We make around 50,000 euros a year as Airbnb superhosts – these are our strategies for setting up and pricing apartments


Hillary Huttenbach

Hilary Hattenback and her husband Jared became Airbnb Superhosts after receiving good reviews from guests.

He rented the vacant apartment in his semi-detached California home after his longtime tenants moved out.

In order for it to be a success, he set a low price, installed it with love and quickly adapted it to the new conditions.

I own a 1920’s semi-detached house with my husband Jared in a hipster enclave east of Hollywood. We live in one half ourselves and rent the apartment next door.

In 2014, I quit my marketing job to pursue a career in writing – much to my mother’s chagrin at the time. I recently teamed up with a chef to sell a cookbook to a publisher. That was the good news. However, most of our modest payments went to food photographers and stylists. You have to spend money to make money, right?

I thought to myself at the time: If the book didn’t become a bestseller (spoiler: not even close), I would work as a consultant – our rental income would be enough to pay off the mortgage.

We’ve gone from longtime renters to vacationers

Unfortunately, shortly after my departure, our tenants left. Instead of looking for new ones, we decided to try Airbnb.

So we could use the apartment in the middle for ourselves, for example to accommodate family members who come to us. We were new to the crack business, but the many travelers attracted us. We are outgoing and love meeting new people. And after staying at the first Airbnbs, we already knew what to do and what not to do.

First we had to get the apartment in shape and furnish it. The small bathroom had worn down over the years so we installed a new sink, vanity, new shower doors and re-tiled the floor.

For the well-known architects who designed homes in Silver Lake, I chose mid-century style furniture I bought from discount sites like Wayfair and AllModern. I hung artwork by Los Angeles artists. The process brought me joy and reminded me of the time I spent with my grandmother who ran hotels in Haiti.

To find the right bed — a sturdy mattress with a plush pillow — I’ve climbed beds at many stores and even risked my life to climb a 13-foot mattress tower at Costco to test quality. To the. Thankfully, my death-defying stunt paid off. The bed was fine.

I searched the internet for cheap towels, sheets and kitchen utensils. Houseplants and a shag rug completed the homey vibe. A Nespresso machine provided a wow effect.

After only one month we are in the profit zone

I wrote a compelling Airbnb listing that highlights the upgrades and proximity to restaurants and shops. I raved about our “oasis on the hill” and insisted we live on a quiet street with elderly neighbors.

Airbnb sent a photographer to take photos for the website, showing the best lighting and angles of the apartment – a free service Airbnb offers in select cities.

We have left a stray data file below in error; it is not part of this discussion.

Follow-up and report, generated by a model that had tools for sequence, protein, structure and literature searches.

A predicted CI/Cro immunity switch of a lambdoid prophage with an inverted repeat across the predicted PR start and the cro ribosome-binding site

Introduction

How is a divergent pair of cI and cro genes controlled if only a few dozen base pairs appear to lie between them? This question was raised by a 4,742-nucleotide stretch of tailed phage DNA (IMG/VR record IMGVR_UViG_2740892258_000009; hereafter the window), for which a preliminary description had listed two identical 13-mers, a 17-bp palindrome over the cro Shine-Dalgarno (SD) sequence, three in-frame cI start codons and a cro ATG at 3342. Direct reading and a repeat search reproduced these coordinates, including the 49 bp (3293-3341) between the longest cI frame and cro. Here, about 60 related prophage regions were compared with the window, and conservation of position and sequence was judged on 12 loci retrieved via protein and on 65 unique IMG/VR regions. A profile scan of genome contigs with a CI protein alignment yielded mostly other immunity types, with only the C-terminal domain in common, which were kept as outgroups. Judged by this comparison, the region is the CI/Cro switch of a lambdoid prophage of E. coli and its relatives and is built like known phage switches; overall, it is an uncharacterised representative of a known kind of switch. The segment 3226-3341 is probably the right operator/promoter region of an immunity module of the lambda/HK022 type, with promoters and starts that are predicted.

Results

We looked at similar Airbnb profiles in the area and set our nightly rate at $100, about $50 less than the competition, plus a $50 cleaning fee.

We had to stay at least two nights. Almost immediately, we made a two-week reservation for $1,600 and celebrated with pizza. In that first month, March 2014, our first booking was followed by two more—a five-day stay ($689) and a three-week stay ($2,386), which brought us about $5,000 and recouped our initial investment.

Airbnb charges a 14 percent service fee from guests and a 4 percent service fee from hosts. By keeping our nightly rates low, we’ve spared our guests a post-fee price shock.

At first Jared thought he was the bouncer. He asked the guests in advance what they wanted for breakfast and filled the fridge accordingly. Challenging, yes – but not cost-effective. He later narrowed down his choices to milk or cream, a candy bar, and bottled water. Our guests ranged from Hollywood creatives to aspiring grandparents.

While most visitors have been very kind, we’ve learned our lessons and made adjustments

When a guest broke the glass bedside lamp, I replaced it with a fabric lamp. The white carpet showed every stain and was very difficult to clean. I opted for a washable version. The blue towels faded after several washes so I switched to the dark brown ones.

Essential practice for managing bookings. Check-in and check-out had to be scheduled so that we had time to clean, do laundry, and stock up on supplies.

We initially kept the cleaning costs down as we had planned to do the cleaning ourselves to save money. I won’t lie: Pulling a stranger’s hair down the drain always gives me nightmares.

Once we had a confirmed booking, we increased the cleaning fee to $150 to match the price of a professional cleaner and free us from all the tedious work. For the second year we have changed the minimum stay to three nights to attract more weekly bookings. Shorter stays require the same amount of work as longer stays and bring in less money. This allowed us to increase our revenue and reduce guest business.

After that we became Superhosts – Airbnb rewards you for collecting great reviews. When the pandemic broke out in early 2020, we took in former Airbnb guests for an initial six-month lease that was eventually extended. They are still with us looking for a permanent home. But if they leave, we will definitely list the apartment on Airbnb again.

Overall Airbnb was a great experience – and a rewarding experience

From 2014 through 2019, we made an average of $51,000 per year – $16,000 more than our full-time tenants pay. This enabled both of us to continue our writing careers. Not only that, we also formed a lifelong friendship. Former guests have invited us to stay with them across Europe.

And the best part is that I was able to convince my mother that I didn’t waste my life by quitting my job.

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